My friends Caroline, Brian and Ellie came over for dinner, and we spent a most excellent evening together. Ellie's just started med school in Chicago, Caroline and Brian have just gotten engaged, and I'm starting a new role at work in January, so we had oodles to celebrate.

Accordingly, we drank a bottle of Schramsberg and a bottle of Ayala (an unbelievably good 1999 brut millésimé from my champagne soulmate, Louisa), some delicious homemade eggnog (courtesy of Brian, and accompanied by fried chickpeas with cilantro), and a gorgeous bottle of Hall Cabernet Sauvignon (which Caroline, far more discerning than I, pronounced too young, but I thoroughly enjoyed).

The food was all comfort, all the time: roasted tomato soup, gougères, macaroni and cheese with bacon and mushrooms, and sticky toffee puddings. The music was mainly Christmas songs, with a bit of Arcade Fire thrown in for spice. Ellie insisted on washing some dishes, and I actually let her, which means I must have been tipsier than I realized.

All in all, a fantastic evening.

Roasted Tomato Soup
Adapted from Ina Garten

3 lbs. plum tomatoes, sliced in half lengthwise
1/4 cup plus 2 tbs. olive oil, divided
1 tbs. kosher salt
1 1/2 tsp. ground black pepper
2 tbs. unsalted butter
2 small yellow onions, chopped
6 garlic cloves, minced
1/4 tsp. crushed red pepper flakes
28 oz. canned plum tomatoes, with juice
4 cups fresh basil leaves
1 tsp. fresh thyme leaves, plus extra for garnish
1 quart chicken stock

Pre-heat the oven to 400 degrees Fahrenheit. Toss the fresh tomatoes with 1/4 cup of the olive oil, the salt and the pepper, and spread evenly, in layer, on one large or two small rimmed baking sheets. Roast for 35-45 minutes, until well-browned.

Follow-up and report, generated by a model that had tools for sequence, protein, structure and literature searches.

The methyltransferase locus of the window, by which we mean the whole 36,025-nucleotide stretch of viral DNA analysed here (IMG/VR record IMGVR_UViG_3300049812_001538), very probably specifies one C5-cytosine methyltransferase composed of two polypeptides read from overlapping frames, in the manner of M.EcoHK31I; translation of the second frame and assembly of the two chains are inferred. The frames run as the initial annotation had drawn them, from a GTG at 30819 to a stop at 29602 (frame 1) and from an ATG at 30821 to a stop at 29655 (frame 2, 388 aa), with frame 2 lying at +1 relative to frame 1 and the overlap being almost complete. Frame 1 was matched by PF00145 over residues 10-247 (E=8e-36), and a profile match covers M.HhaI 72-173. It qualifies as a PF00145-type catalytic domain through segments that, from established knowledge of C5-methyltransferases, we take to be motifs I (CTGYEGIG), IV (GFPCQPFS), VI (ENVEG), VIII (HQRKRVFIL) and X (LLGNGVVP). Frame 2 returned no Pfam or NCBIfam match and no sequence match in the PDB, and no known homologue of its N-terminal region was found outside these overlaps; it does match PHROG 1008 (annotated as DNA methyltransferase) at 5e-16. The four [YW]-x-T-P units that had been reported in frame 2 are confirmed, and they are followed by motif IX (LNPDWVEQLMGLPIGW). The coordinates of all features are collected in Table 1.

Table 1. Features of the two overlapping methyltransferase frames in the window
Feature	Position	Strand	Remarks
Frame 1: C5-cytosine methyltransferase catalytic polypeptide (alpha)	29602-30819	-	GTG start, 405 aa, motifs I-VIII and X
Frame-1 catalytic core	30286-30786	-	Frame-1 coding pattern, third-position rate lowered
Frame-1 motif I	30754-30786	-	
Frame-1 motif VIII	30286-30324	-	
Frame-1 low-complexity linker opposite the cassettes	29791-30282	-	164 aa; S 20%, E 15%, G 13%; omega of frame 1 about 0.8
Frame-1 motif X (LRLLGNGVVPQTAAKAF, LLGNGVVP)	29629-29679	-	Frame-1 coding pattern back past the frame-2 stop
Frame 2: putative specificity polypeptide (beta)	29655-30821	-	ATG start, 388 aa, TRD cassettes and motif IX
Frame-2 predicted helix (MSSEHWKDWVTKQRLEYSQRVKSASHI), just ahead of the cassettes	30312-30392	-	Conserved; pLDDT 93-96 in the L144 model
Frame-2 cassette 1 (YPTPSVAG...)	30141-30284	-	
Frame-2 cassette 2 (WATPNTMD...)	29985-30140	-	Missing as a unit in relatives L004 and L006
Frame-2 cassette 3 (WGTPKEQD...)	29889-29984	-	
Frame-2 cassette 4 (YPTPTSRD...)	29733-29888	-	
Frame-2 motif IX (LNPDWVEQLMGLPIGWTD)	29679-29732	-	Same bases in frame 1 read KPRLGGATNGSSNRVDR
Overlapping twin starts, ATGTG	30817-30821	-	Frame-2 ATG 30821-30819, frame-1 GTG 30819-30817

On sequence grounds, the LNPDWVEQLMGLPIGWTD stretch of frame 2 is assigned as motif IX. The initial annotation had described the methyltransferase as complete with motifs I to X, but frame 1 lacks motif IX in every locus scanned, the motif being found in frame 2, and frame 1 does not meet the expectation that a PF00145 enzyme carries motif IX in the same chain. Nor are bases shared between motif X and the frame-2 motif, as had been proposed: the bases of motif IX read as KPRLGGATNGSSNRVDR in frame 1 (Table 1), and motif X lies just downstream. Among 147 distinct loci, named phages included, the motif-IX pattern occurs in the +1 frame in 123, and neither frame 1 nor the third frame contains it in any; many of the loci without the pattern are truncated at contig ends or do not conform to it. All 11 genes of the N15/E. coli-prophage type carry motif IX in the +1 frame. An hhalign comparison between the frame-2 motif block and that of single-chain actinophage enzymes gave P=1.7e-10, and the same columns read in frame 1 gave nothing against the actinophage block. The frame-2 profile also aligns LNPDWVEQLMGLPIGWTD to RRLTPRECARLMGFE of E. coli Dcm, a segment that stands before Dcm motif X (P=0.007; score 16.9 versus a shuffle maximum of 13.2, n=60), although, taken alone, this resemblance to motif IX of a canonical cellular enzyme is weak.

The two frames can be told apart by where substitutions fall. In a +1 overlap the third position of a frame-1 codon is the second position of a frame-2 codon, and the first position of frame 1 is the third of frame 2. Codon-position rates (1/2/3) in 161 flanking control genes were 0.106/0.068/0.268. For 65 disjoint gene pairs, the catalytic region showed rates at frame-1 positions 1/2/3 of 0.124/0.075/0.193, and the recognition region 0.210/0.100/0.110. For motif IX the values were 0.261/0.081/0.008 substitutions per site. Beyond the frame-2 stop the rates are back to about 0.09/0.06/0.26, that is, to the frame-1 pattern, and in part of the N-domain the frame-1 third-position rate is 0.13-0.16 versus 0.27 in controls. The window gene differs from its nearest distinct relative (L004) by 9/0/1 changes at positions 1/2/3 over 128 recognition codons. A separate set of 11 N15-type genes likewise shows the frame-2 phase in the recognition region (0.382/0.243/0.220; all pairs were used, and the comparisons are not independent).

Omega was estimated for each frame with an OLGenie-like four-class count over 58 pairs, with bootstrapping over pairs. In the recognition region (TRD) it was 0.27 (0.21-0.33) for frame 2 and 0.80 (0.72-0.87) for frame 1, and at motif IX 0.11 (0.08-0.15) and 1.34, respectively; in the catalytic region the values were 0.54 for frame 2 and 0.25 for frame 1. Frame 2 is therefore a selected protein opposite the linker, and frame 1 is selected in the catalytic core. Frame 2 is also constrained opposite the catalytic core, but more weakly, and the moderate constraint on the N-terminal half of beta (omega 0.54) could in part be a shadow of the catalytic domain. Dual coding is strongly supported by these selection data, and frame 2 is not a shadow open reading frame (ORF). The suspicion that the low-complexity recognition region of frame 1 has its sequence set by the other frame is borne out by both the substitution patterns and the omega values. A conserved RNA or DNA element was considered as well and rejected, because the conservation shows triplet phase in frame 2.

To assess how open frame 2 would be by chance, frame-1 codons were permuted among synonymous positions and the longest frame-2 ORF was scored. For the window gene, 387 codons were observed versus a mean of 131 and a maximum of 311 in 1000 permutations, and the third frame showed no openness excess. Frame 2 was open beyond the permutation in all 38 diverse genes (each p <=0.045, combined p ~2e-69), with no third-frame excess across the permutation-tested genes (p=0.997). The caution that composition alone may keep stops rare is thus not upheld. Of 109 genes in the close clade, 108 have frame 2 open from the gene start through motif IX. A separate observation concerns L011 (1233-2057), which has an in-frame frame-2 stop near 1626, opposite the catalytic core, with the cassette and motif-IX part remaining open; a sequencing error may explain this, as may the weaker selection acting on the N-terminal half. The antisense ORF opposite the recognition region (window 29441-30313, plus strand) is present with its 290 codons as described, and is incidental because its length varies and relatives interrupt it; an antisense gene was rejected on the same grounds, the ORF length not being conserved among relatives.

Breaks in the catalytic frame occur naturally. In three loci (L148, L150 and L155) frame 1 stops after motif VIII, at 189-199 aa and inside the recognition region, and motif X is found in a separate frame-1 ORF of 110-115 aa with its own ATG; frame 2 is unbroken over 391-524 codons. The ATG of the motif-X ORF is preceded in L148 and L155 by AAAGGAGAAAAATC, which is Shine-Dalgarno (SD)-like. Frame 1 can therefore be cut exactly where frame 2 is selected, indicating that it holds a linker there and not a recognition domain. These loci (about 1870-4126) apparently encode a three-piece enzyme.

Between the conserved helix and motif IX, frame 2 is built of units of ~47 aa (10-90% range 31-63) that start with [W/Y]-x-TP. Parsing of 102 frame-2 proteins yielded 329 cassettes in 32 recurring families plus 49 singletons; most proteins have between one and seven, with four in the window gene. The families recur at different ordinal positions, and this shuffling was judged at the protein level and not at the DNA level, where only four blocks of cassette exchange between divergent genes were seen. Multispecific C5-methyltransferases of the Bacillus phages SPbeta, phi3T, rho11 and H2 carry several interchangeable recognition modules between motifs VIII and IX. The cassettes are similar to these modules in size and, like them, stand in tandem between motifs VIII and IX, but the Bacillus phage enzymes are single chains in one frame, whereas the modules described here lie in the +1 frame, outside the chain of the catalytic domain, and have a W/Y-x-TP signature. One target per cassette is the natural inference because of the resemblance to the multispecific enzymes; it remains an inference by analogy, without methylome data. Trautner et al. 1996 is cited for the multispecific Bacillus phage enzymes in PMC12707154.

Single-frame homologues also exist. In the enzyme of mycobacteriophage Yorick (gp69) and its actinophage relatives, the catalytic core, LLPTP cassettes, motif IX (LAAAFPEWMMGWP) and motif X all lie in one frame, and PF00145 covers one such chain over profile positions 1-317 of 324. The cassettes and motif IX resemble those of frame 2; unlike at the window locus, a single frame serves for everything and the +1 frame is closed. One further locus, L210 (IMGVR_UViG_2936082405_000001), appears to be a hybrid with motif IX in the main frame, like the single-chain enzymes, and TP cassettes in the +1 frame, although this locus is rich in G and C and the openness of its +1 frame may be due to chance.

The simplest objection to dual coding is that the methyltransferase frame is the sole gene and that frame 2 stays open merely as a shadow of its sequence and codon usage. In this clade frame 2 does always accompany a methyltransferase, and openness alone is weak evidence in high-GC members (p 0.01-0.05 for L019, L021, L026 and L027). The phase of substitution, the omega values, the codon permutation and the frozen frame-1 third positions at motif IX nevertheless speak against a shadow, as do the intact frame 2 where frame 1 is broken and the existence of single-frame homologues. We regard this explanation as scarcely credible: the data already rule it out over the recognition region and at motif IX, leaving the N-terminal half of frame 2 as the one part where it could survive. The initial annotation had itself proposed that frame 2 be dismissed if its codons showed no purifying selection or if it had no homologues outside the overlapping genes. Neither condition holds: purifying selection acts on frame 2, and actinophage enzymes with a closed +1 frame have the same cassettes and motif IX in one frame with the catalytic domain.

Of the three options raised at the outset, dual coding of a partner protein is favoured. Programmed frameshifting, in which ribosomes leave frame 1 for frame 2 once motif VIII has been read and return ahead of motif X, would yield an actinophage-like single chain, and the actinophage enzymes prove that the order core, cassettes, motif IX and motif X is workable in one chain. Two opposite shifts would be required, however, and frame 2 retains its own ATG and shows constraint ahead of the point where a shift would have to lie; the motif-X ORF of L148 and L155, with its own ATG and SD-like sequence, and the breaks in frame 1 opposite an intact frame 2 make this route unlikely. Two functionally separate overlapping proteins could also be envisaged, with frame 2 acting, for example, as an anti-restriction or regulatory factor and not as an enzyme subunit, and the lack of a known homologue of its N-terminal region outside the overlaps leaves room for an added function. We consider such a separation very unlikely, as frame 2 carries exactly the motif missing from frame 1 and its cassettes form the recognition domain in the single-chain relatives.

In a large dutch oven or stockpot, heat the remaining 2 tbs. of olive oil and the butter over medium heat. Once the butter has melted, add the onions, garlic and red pepper flakes, and saute until the onions have begun to turn brown around the edges.

Add the canned tomatoes, basil, thyme and chicken stock. Add the roasted tomatoes, with their juices, and bring the mixture to a simmer. Simmer, uncovered, for forty minutes.

Using a stick blender (or a traditional blender, working in batches), blend to desired consistency (I like it thick but not chunky). Taste and adjust for seasoning and serve each bowl sprinkled with a few fresh thyme leaves.

Serves six, generously. Can be made up to a day ahead and reheated gently on the stovetop.

Monday, December 15, 2008

When life hands you Pinot Noir, pie?

I spent Thanksgiving at my mom's new home in St. Augustine, Florida this year. She just moved in two months ago, and so she's in the box phase - you open one, you see what you see, and what you see is probably not what you need.